OT: Plastic or paper bags from a quilt shop

Within a month, I'll be opening a fabric store in my neck of the
woods. As I consider what type of bag to use, something trivial for
most, I was wondering what everyone prefers for a bag to take home
their newly acquired stash in. Now I understand what people want and
what I can probably afford may be two different things but I just want
some feedback. I also have my own personal preference but am curious
to see what everyone else's is.
Paper bags that have a definite square bottom like those in a grocery
store, with or without handles.
or
Plastic bags like the grocery store.
or does it really matter.
Thanks for your input.
Marilyn
Reply to
Marilyn
Marilyn: Yesterday I got an e-newsletter from my LQS. It is introducing a "Market Bag" for us to purchase for $2.00. It is reusable and will have 'goodies' and will enable shopper to get goodies or such through the year. (That is the gist of the message .... I haven't been to the LQS about this yet.) I like a flat bag with a floral or check motif so it can me used again as a gift bag.
Reply to
Pat in Virginia
I like the idea of the "Market Bag" that Pat posted but I am usually brain dead enough that I would forget to bring it with me. I also like a bag that seems "special" - better than a grocery store or Walmart, you know?
Something like this:
NAYY, just know of the company and found what I was trying to describe on their site.
Rita L. P.S. My favorite LQS uses grocery store plastic bags and I love them anyway :-)
Reply to
Rita L. in MA
Good question. As a paid-up eco-warrior, I'd say there are pros and cons to both. Plastic is (normally) non-biodegradable and causes all sorts of problems in the environment, e.g. whales and turles eat them thinking they're jellyfish:
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Paper seems more eco-friendly, but it has drawbacks, too (logging, dioxins released in the paper bleaching process, paper bags are heavier so more lorries are required to ship fewer bags, etc.)
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The best solution is to encourage customers to bring their own bags. Fabric shop customers should be able to make their own reusable fabric shopping bag without too much difficulty. I made several using the free pattern on this website:
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about a competition for the best home-made bag? Any customer who takes home their purchases in a home-made fabric bag is photographed (or the bag is) and once a month you judge the jazziest bag. You could pin all the photos on a pinboard with a special border highlighting the latest winner. A note on the board explains the reason for the competition, and maybe you could photocopy some (copyright-free) patterns for simple bags and hand them out to customers who express an interest. It's up to you whether you give a prize to the winner or whether they just compete for the glory.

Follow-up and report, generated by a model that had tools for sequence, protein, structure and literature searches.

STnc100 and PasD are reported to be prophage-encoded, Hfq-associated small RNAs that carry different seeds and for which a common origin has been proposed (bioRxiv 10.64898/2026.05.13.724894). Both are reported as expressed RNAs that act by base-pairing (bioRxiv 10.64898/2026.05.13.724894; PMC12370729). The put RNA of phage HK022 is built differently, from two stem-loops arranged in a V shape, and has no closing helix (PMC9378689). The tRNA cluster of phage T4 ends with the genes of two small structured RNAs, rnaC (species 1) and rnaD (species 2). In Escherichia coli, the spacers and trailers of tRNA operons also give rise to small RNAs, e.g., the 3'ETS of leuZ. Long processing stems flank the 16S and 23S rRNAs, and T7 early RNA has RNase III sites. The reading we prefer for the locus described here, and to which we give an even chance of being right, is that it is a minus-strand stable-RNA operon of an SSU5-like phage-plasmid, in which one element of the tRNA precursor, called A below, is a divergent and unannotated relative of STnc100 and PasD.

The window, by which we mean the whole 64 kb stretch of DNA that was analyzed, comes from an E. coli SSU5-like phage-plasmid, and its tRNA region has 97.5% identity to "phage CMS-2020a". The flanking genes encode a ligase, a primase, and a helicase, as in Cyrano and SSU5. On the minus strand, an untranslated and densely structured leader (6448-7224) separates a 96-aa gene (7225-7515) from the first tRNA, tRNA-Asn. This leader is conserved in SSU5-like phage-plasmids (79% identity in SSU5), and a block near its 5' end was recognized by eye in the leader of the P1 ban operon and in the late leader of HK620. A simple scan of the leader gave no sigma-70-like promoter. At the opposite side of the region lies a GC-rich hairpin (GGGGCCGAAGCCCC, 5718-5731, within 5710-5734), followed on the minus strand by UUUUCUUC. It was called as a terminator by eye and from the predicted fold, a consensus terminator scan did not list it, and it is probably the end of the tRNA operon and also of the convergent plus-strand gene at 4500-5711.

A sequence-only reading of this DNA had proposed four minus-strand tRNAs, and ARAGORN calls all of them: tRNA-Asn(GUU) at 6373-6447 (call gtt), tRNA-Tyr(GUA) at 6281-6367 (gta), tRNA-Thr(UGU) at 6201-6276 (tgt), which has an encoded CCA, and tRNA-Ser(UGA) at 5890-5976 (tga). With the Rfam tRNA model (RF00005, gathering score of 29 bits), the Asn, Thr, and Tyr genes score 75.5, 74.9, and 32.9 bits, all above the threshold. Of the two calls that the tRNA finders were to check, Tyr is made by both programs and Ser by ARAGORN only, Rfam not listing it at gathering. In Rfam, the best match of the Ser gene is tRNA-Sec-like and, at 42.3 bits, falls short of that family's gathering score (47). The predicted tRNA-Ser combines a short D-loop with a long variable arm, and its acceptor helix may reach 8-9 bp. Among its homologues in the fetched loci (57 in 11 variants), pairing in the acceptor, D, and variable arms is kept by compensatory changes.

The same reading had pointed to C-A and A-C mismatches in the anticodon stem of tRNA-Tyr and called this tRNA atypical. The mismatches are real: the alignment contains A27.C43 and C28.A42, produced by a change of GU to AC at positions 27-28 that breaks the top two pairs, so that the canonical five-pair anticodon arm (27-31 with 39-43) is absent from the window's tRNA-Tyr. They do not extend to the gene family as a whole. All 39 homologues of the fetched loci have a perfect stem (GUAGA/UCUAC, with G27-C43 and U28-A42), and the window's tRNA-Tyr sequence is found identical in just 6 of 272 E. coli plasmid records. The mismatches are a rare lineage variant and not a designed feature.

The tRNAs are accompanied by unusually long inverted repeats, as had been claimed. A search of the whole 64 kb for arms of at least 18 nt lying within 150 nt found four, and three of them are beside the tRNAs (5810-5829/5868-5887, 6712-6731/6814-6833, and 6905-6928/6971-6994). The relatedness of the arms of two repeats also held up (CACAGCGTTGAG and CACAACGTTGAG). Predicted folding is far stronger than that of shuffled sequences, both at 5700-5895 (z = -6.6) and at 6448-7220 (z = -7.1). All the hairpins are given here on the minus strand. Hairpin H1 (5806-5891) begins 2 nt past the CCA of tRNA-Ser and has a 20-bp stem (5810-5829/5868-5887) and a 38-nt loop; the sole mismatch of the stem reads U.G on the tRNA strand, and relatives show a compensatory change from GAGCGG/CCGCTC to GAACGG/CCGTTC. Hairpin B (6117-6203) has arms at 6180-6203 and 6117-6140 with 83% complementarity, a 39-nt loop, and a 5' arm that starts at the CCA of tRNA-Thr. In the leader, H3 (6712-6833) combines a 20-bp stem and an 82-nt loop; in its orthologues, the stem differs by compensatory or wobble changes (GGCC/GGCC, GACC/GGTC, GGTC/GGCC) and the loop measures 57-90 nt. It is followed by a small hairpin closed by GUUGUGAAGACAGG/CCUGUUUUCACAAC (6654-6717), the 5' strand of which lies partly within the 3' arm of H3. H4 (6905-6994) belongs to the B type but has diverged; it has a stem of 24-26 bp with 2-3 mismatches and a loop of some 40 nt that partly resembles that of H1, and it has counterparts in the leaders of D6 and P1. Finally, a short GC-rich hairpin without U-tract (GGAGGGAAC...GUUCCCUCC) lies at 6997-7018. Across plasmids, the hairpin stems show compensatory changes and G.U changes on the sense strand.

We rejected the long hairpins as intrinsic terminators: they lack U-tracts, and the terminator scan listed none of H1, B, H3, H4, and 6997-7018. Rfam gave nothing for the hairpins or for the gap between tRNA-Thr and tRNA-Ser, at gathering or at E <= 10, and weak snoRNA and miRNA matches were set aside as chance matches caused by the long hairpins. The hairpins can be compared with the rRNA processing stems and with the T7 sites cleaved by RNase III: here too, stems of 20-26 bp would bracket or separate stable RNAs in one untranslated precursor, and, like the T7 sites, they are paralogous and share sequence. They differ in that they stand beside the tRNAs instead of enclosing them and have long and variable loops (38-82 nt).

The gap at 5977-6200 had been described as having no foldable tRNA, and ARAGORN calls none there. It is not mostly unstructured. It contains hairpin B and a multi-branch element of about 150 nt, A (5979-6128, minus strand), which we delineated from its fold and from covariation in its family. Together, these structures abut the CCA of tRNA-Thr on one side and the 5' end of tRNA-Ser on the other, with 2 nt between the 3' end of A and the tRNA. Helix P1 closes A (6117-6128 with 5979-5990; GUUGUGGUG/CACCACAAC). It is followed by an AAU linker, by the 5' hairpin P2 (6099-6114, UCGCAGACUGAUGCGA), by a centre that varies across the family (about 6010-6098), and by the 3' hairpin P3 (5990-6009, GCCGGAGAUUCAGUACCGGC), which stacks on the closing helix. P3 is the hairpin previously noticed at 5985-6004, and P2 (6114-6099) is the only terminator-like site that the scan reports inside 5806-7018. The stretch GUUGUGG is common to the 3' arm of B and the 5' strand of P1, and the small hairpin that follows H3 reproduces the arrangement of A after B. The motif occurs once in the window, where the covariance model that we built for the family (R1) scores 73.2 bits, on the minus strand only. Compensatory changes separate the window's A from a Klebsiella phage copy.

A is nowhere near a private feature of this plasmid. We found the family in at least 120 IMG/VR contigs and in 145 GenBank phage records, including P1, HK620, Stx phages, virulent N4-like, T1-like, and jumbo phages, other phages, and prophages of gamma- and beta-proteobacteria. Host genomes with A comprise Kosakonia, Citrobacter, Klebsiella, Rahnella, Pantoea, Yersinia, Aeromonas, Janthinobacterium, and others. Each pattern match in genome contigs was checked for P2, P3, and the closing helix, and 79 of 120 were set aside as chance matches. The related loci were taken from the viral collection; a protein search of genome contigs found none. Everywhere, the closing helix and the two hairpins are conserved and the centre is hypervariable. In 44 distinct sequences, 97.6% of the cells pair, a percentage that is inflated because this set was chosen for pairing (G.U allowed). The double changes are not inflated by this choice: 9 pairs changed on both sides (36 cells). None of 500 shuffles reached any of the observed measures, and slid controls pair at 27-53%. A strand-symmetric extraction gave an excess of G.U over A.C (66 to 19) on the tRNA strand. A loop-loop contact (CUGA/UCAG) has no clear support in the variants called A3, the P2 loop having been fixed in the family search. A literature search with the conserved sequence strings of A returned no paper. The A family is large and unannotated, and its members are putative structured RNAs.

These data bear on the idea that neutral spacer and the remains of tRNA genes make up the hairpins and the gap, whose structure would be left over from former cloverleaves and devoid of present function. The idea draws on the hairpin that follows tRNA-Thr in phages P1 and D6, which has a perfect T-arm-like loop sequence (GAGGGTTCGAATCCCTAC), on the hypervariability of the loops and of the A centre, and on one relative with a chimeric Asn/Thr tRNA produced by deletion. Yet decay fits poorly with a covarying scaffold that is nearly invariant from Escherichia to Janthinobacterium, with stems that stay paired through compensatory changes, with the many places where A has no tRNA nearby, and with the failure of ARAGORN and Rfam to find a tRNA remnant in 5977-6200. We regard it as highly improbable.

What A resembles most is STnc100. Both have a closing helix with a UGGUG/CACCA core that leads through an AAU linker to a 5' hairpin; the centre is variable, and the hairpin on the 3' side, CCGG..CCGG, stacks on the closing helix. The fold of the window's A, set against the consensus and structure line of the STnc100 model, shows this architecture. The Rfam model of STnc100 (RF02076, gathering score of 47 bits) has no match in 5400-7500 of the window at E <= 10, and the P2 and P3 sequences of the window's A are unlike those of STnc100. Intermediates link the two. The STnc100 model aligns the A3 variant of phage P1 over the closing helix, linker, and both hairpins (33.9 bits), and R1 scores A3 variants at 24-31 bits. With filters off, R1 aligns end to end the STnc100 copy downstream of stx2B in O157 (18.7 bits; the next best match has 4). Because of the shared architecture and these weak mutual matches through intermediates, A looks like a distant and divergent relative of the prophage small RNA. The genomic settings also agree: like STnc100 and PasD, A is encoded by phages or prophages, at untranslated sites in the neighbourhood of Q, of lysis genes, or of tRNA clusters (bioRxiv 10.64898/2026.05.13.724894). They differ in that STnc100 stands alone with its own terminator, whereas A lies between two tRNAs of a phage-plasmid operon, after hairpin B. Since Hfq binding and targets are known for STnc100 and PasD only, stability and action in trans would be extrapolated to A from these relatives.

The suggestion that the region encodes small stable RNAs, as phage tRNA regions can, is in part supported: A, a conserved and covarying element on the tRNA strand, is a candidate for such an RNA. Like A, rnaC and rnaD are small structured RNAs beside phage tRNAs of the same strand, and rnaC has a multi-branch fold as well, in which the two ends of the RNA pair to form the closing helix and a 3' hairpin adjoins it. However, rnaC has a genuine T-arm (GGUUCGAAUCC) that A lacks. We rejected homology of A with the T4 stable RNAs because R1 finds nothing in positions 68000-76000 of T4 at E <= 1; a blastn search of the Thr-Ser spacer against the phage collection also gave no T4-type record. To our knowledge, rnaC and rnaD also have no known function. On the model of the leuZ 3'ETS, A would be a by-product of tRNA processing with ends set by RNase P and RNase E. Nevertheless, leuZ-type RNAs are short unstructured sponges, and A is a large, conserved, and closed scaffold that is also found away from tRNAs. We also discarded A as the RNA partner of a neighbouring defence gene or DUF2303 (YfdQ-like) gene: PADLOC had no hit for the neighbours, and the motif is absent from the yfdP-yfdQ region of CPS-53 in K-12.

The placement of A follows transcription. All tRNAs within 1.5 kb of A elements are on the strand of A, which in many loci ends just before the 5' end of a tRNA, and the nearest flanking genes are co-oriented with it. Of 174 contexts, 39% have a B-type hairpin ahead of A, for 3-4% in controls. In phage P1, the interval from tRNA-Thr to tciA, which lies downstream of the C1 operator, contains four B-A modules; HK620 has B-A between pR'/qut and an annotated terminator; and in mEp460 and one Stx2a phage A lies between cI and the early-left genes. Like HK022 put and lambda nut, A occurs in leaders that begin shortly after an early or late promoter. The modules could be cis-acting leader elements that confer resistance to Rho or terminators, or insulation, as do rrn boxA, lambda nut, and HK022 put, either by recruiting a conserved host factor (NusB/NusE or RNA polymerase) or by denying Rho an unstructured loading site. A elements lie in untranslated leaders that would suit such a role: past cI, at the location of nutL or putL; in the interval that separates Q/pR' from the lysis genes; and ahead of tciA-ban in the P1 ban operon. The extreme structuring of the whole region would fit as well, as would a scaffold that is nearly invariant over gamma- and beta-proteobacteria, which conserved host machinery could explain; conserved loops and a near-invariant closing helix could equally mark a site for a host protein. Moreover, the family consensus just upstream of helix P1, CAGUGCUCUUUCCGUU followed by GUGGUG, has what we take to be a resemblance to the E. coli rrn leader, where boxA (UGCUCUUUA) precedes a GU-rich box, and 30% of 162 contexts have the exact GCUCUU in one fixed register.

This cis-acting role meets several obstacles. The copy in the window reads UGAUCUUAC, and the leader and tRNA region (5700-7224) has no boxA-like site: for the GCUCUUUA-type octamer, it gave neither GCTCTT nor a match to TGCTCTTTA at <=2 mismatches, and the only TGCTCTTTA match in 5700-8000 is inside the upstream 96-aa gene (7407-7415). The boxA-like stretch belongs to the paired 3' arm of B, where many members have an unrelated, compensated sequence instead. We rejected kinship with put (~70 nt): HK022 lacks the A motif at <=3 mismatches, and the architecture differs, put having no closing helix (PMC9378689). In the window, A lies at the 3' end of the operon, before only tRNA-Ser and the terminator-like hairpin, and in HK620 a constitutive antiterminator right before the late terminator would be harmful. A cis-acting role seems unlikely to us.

Reply to
Melanie Rimmer
I like the floral paper bags and the small flat bottomed bags with the handles. My LQS uses those bags and ties the handles with a little scrap strip of fabric. It's a lovely little touch. I do like the idea of a returnable bag....but I'm still going to the grocery store and leaving my bags hanging in my kitchen. And when I do have them with me, I've left them in the car and have to return to get them....if I even remember before checking out. My trips to the LQS are often on an impulse. I doubt I'd have a reusable bag with me. My sewing room is in the basement...that's where my bags would be. I do reuse the little brown bags from my LQS...they can be painted and stenciled or even emboidered to use as gift bags.
Reply to
KJ
Our local shop sold reusable bags and if we bring them in we get a discount on fabric, win win situation.
Denny in Fort Wayne
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Reply to
Kiteflyer
I don't know what to say on the paper/plastic debate, but I would say "handles". Possibly have really small bags for just a couple of notions or a FQ, but if it doesn't fit in my pocket or my handbag, I really want handles - how else can I carry all my shopping?
Hanne in London
Reply to
Hanne Gottliebsen
Plastic bags are being phased out in much of the UK and we've never used US-style paper ones. We're slowly going over to cotton or tough-synthetic-fibre reusable ones.
How about a cloth bag with your shop's logo on it, and give people a discount if they walk in the door using it? (i.e. when they've been giving you publicity with it).
==== j a c k at c a m p i n . m e . u k === ==== Jack Campin, 11 Third St, Newtongrange EH22 4PU, Scotland == mob 07800 739 557 CD-ROMs and free stuff: Scottish music, food intolerance, and Mac logic fonts
Reply to
Jack Campin - bogus address
I reuse plastic bags on dog walks and as liners for bathroom garbage. I reuse grocery store paper bags as leaf bags, trash bags, and shipping paper. I never reuse small paper bags and usually refuse them when someone offers to put a small purchase in them. I don't usually need a bag to get fabric from the store to the car or from the car to the laundry basket. If I'm not offered something I know I'll reuse, I generally say no to the bag. That includes pretty decorative bags.
--Lia
Reply to
Julia Altshuler
We reuse most plastic bags here too Lia and also unless I have a big lot of fabric I just tell them I'll carry the fabric out without a bag. The fabric just gets left on the washing machine as soon as I get home anyway. One local quilt store has brown flat bottomed paper bags with nice handles. They pop a store sticker on it and tie with a little scrap of fabric on the handles. Nice but I feel sort of wasteful when I get one. Taria
Reply to
Taria
In article ,
Personally, I don't think it matters much. However, our LQS here has just instituted a new idea -- if we bring in our own bag, we get a tiny bit ($.50?) off the price of what we're buying. Now *that's* an idea I really like!
Reply to
Sandy
Jim has a funny story about traveling in Ireland. His mother is elderly. He and his sister accompanied her to England and Ireland last year for a special vacation. His mother has never liked restaurant food, and eating exactly what she wants has become more important as she's aged. They planned the trip around staying in places where they could cook at the hotel.
They went grocery shopping. Everything about the supermarket was familiar. There were items for sale that were new and that they weren't interested in buying, but that's true everywhere. They found the milk, bread and other staples with no trouble. People were lovely to them. They went through the check out. Jim handled the foreign money. They waited for their purchase to be bagged. It didn't happen. Only then did they look around and realize that everyone, EVERYONE else had brought reusable bags with them.